Dua Lipa, Billie Eilish, Doja Cat, Drake and Kendrick Lamar, to name a few, are not among the artists who frequent my personal playlists, unlike the majority of my peers. In place? I am a die-hard Gustav Mahler fan, self-proclaimed Ludwig van Beethoven enthusiast and Sergei Rachmaninoff aficionado, not to mention my adoration for other composers, like Tchaikovsky, Sibelius and others. Sharing some of my favorite musicians – composers born almost 200 years ago – I often encounter confused faces ranging from amusement to outright disbelief. Ultimately, the appreciation of classical music has been largely lost to my generation, and is unfairly considered too “boring” or “obsolete” today despite its ageless value, beauty, and relevance.
I have been studying the violin for almost eight years now. I started in fourth grade at Coleytown Elementary School, because all fourth graders had to play in the orchestra and learn a string instrument. Perhaps partly due to my musical training (my mother was a classically trained cellist), I immediately discovered a unique passion for the violin and progressed by taking private lessons the following year and joining a local youth symphony soon after. From the age of 12, I enjoyed symphonies, quartets, sonatas and concertos. In the years to come, this passion will only grow further.
However, my story is unusual. With each passing year, my bands at school seem to dwindle in number, reflecting the diminishing interest in playing a string instrument within our student body. And this sentiment is not only seen in the drop in enrollment in our music program – administrators and student forums such as the “Superfans” Facebook group also paying little attention to updating others on our concerts and achievements. In fact, this is a national trend: according to Billboard/Nielsen, classical music held 1% of the sales market in 2019, ranking 12th out of 12 genres. Even though classical music only accounted for 3% of the sales market a decade earlier (in 2009), which is still an alarming statistic, interest in classical music as a whole has declined even further since then. Why?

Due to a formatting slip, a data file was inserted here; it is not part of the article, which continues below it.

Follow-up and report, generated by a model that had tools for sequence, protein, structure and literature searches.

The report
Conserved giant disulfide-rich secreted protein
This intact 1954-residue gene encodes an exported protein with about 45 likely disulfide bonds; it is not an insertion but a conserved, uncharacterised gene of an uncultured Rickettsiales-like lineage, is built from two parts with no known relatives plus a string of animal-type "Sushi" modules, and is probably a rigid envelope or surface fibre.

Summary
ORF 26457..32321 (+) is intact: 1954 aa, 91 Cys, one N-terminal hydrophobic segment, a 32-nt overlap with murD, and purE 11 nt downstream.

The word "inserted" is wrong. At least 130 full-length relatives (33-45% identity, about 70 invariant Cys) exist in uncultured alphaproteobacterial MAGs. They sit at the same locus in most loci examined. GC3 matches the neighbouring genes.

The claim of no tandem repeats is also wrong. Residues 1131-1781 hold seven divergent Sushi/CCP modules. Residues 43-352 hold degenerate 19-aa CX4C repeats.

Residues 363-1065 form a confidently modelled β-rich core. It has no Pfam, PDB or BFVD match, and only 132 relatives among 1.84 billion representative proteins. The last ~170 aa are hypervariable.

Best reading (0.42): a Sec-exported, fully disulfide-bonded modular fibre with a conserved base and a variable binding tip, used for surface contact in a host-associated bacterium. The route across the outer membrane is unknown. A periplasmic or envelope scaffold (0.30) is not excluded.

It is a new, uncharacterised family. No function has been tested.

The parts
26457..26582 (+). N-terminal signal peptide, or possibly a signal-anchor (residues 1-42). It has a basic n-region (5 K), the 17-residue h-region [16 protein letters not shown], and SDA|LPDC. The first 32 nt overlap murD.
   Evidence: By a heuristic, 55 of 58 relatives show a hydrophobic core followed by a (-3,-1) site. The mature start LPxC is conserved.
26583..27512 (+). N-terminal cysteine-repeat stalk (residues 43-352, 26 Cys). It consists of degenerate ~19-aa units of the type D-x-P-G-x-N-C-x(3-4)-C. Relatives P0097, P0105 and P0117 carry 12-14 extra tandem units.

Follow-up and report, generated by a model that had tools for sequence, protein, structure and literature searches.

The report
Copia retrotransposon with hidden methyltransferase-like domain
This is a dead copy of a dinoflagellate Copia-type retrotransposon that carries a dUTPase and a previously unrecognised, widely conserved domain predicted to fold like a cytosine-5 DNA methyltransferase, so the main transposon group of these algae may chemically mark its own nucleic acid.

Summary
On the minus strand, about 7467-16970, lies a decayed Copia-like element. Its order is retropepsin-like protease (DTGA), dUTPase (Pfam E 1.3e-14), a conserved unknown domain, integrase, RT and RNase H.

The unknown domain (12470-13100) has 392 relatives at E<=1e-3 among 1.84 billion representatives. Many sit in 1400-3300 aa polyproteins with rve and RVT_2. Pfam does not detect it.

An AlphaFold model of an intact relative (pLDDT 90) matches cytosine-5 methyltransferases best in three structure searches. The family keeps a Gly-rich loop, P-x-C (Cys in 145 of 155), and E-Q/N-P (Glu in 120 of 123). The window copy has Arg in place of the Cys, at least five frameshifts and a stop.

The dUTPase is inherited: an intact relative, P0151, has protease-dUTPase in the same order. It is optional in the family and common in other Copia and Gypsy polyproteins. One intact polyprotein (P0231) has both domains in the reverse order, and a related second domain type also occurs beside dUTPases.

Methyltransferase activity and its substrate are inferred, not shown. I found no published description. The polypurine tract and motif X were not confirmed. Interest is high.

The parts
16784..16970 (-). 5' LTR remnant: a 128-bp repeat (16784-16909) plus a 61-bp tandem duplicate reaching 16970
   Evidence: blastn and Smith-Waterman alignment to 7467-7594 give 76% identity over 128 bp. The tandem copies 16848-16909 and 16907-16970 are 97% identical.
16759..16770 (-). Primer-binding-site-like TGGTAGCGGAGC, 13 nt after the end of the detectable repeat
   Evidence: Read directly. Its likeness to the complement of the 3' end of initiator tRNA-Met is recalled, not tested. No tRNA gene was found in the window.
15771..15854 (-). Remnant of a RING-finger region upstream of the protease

While I recognize that classical music may not be everyone’s genre of choice, and I respect alternative musical tastes, I take issue with the “boring” reputation that classical music has earned.
—Julia Herlyn ’23
According Dr. Colin Eatock, a contemporary composer, many young adults today think that classical music is “dryly cerebral, devoid of visceral or emotional appeal” and that “the melodies are tasteless – and often there is no real melody at all, just complicated sound sequences”. Ironically, many popular tunes today have sampled melodies from classical works. Take Billy Joel’s “This Night,” whose chorus is a swinging variation on the second movement of Beethoven’s “Pathétique” Sonata. The introduction to Lady Gaga’s “Alejandro” introduces Csárdás, a famous piece for violin by Vittorio Monti. In “Memories” from Maroon 5, the predominant melody imitates that of Pachebel’s Canon in D, discovered by Classic FM. Probably unbeknownst to many classical music skeptics, classical music is more important to our daily lives (and personal tastes) than we realize, and is in fact a useful tool for creating more music, whether it’s pop, rock, rap. , R&B or whatever. Interestingly enough, the melodies you may hear in the shower could very well be derived from classical pieces, even if you don’t consider yourself a die-hard “classical music fan”.
While I recognize that classical music may not be everyone’s genre of choice, and I respect alternative musical tastes, I take issue with the “boring” reputation that classical music has earned. Even ignoring the richness of the composition – including melodic and harmonic progressions, orchestration, and the finer details like dynamics (the volume of the orchestra) and tempo (the speed at which an orchestra plays) – classical music has the remarkable ability to tell a story without words. Tchaikovsky’s “Romeo and Juliet Overture” sums up Shakespeare’s famous play, all in the space of 19 minutes. According Liberty Park Music, Tchaikovsky’s use of different themes symbolizes key characters and events throughout the play, such as the conflict between the Capulets and the Montagues, Brother Lawrence, the love of Romeo and Juliet, and the battle between the families . The resurgence of the theme of love, for example, in the middle of the development sections that characterize the battles between families, recalls the passion of Romeo and Juliet throughout the play. Classical music has the incredible power to tell beloved tales without words, which I don’t think is something to dismiss or laugh at as “boring.”
I encourage you to try listening to classical music, whether it’s a 40-minute four-movement symphony or a short piano sonatina. Even if you’re a bigger fan of Taylor Swift’s “Love Story” (another Romeo and Juliet-inspired work), rather than Tchaikovsky’s version, the most important thing is mutual respect for all musical genres and understanding that they are all valuable, important and “instrumental” for society.